Report on Soputan (Indonesia) — 18 November-24 November 2015
Smithsonian / US Geological Survey Weekly Volcanic Activity Report, 18 November-24 November 2015
Managing Editor: Sally Kuhn Sennert
Please cite this report as:
Global Volcanism Program, 2015. Report on Soputan (Indonesia). In: Sennert, S K (ed.), Weekly Volcanic Activity Report, 18 November-24 November 2015. Smithsonian Institution and US Geological Survey.
1.112°N, 124.737°E; summit elev. 1785 m
All times are local (unless otherwise noted)
PVMBG reported that during 3-18 November white plumes were observed rising as high as 200 m above Soputan even though inclement weather sometimes obscured crater views. Seismicity was dominated by emission and avalanche signals, but was also characterized by low-frequency signals and volcanic earthquakes. The Alert Level remained at 2 (on a scale of 1-4). Residents and tourists were advised not to approach the craters within a radius of 1.5 km, or 2.5 km on the WSW flank.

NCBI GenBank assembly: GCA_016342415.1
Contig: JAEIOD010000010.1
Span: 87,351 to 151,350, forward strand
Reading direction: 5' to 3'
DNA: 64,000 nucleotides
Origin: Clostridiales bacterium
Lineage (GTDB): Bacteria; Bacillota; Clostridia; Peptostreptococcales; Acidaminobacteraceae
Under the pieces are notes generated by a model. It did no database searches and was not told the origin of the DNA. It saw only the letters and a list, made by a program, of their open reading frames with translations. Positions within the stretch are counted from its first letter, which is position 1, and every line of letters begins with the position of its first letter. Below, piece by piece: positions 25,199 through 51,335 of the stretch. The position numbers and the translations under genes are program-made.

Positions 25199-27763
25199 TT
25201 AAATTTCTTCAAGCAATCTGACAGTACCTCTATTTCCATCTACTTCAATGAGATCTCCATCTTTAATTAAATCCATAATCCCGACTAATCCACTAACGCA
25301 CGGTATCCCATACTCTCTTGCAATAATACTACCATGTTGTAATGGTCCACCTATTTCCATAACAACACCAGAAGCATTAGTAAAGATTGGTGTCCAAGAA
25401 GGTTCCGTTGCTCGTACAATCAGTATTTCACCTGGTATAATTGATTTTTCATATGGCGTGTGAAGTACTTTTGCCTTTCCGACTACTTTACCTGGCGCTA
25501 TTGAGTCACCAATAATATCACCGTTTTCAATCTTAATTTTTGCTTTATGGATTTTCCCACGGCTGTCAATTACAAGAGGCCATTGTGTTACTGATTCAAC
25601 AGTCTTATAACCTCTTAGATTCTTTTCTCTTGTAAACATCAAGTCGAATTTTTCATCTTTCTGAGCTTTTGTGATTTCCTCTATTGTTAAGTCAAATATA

Geologic Background. The Soputan stratovolcano on the southern rim of the Quaternary Tondano caldera on the northern arm of Sulawesi Island is one of Sulawesi's most active volcanoes. The youthful, largely unvegetated volcano is located SW of Riendengan-Sempu, which some workers have included with Soputan and Manimporok (3.5 km ESE) as a volcanic complex. It was constructed at the southern end of a SSW-NNE trending line of vents. During historical time the locus of eruptions has included both the summit crater and Aeseput, a prominent NE-flank vent that formed in 1906 and was the source of intermittent major lava flows until 1924.